Faculty Attitudes and Beliefs Toward Current Era Student Veterans at Mid-Western Institutions of Higher Education
Kovach, Daniel R.
University of Wisconsin--Stout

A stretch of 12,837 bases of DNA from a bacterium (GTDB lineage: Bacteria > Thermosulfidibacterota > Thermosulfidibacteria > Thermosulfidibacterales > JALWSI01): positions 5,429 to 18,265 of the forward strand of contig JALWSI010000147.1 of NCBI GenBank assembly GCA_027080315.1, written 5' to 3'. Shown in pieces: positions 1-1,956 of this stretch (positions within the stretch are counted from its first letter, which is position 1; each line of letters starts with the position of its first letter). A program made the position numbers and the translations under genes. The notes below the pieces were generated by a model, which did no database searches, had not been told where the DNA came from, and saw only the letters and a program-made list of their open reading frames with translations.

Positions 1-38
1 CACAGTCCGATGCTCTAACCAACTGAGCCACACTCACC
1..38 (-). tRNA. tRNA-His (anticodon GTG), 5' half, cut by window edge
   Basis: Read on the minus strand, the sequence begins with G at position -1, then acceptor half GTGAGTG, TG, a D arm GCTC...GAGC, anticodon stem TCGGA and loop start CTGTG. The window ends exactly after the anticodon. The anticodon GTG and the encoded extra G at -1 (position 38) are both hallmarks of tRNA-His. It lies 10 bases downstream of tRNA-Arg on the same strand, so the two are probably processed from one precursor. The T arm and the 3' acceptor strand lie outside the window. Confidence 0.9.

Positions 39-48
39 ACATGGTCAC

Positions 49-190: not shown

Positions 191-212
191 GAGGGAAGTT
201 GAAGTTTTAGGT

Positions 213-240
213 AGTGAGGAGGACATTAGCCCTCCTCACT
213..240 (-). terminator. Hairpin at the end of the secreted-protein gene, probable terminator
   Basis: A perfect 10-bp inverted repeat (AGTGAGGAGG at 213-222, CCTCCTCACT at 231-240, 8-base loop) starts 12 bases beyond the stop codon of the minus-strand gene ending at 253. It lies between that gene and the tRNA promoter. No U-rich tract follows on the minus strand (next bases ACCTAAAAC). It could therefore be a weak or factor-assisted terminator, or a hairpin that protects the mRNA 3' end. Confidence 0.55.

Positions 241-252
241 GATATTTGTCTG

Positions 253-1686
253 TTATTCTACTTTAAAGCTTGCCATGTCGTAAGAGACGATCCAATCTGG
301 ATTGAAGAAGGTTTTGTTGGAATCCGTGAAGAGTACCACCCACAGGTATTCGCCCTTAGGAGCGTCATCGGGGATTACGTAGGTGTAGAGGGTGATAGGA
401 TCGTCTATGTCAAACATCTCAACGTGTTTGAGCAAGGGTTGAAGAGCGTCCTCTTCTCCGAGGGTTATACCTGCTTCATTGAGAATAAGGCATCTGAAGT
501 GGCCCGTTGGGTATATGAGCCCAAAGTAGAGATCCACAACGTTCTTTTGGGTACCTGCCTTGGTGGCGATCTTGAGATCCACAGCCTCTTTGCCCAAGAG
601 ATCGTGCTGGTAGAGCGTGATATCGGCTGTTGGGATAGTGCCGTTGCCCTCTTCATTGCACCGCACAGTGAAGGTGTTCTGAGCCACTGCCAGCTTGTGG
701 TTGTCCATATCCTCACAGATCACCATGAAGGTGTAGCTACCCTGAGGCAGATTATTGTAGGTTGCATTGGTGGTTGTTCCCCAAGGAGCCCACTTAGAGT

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The current military era is the longest period of sustained conflict in the nation’s history. Moreover, it is being fought by a contracting volunteer force of less than one half of one percent of the population. As veterans utilize their military benefits in their transition to civilian life, colleges are trying to create a veteran friendly environment and identify the barriers student veterans face. Research has shown that student veterans cited a barrier to inclusion and college success as feeling misunderstood by college faculty. This qualitative phenomenological study examines the perceptions of faculty at mid-western technical colleges and universities. The key objectives of the study were to determine what influences faculty perceptions of student veterans and what were the teaching faculty attitudes toward accommodations for student veterans. Qualitative interviews were conducted with ten faculty from two college systems across three campuses. Subjects were asked a series of questions that explored their background, military heritage, political perceptions and that of their professional peers, significant personal experiences with veterans, knowledge of veteran issues, and other factors that influence their perceptions of student veterans. The findings used interpretational analysis to identify patterns of perception and themes that help understand the objectives of the study.